[African Americans] needs are identical with labors needs: decent wages, fair working
conditions, livable housing, old-age security, health and welfare measures, conditions in which
families can grow, have education for their children, and respect in the community.

The shared goals led union members to play a critical role in the civil rights movement. Strikes and
labor marches figured prominently in the battle against race discrimination. Often forgotten in the history
books is that Dr. King was assassinated while supporting striking sanitation workers in Memphis.
In addition, prior to its merger with the American Federation of Labor (AFL), the Congress of
Industrial Organizations (CIO) helped promote fair employment legislation in states across the country
(Collins, 2003). Historian Steve Babson (1999) writes that, on balance, labor had done more in 1964 than
any other majority-white institution to ensure passage of the [Civil Rights Act]. Economic research has
demonstrated that early fair employment laws in states increased incomes for African-American men by
between 5 and 7 percent and for African-American women by between 12 and 13 percent (Collins, 2003).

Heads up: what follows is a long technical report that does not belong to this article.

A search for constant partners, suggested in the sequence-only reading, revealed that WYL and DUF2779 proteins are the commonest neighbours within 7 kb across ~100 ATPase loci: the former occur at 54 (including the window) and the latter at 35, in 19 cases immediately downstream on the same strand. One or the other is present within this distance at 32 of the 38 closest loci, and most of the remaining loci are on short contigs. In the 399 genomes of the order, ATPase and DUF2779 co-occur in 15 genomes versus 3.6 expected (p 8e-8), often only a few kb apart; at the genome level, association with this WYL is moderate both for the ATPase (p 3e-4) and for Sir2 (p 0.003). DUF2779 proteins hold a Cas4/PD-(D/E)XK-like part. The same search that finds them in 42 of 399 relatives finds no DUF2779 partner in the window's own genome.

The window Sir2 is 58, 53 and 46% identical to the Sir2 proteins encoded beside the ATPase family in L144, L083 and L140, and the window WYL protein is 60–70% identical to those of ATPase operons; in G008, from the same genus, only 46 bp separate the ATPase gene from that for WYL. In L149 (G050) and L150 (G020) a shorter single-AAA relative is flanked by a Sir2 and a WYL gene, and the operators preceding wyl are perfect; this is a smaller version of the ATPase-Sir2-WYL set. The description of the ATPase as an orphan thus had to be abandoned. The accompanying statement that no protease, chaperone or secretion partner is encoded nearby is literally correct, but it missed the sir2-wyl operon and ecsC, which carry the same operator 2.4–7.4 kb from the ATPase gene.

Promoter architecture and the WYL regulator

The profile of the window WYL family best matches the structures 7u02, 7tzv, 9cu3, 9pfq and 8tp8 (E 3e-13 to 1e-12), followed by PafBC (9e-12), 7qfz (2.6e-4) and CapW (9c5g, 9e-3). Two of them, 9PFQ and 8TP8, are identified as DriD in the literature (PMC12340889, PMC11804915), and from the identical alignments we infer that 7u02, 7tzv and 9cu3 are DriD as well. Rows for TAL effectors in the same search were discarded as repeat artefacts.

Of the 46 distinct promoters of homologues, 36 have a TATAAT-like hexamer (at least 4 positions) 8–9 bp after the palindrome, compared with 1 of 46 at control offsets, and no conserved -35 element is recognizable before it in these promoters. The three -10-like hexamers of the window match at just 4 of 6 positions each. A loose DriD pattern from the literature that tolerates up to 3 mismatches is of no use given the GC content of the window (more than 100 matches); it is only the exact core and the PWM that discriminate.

Collins notes that, from a variety of perspectives, black women appear to have benefited more from the
laws than did black men.


Today, labor unions remain at the forefront of anti-discrimination legislation. Unions continue to
partner with civil rights groups, womens organizations and equal pay supporters, and the LGBTQ
community to ensure fair pay, job safety, and freedom from employment discrimination. By helping to
eliminate wage gaps and discriminatory hiring practices, unions have helped to increase profits and improve
economic efficiency.

Unions collectively bargain toward efficient contracts

In the collective bargaining process, both workers and employers come to the table wanting
something. Workers may want higher wages, better working conditions, better health and retirement
plans, more vacation time, or other perks provided by the company. Employers may want lower costs, lax
workplace rules, and increased flexibility in hiring and firing employees. But the main item that employers
want is labor. When a contract is agreed upon, neither side leaves the table entirely happy, having to
exchange demands with the other side to a level that is acceptable to both parties.
This helps firms and unions arrive at an agreement in which unionized firms hire the efficient level
of employment. The give-and-take process exhausts all possible bargaining outcomes between the employer
and the union, and the employer hires the right number of workers so that the union does not distort the
allocation of labor, and there is no deadweight loss to the national economy (Borjas, 2010). One study
supporting this theory of efficient contracts comes from an analysis of stock market value. A one dollar
unexpected increase in the share of the economic pie going to union workers reduces shareholders wealth
by exactly one dollar (Abowd, 1989). If unions caused economic inefficiency, a one dollar increase in union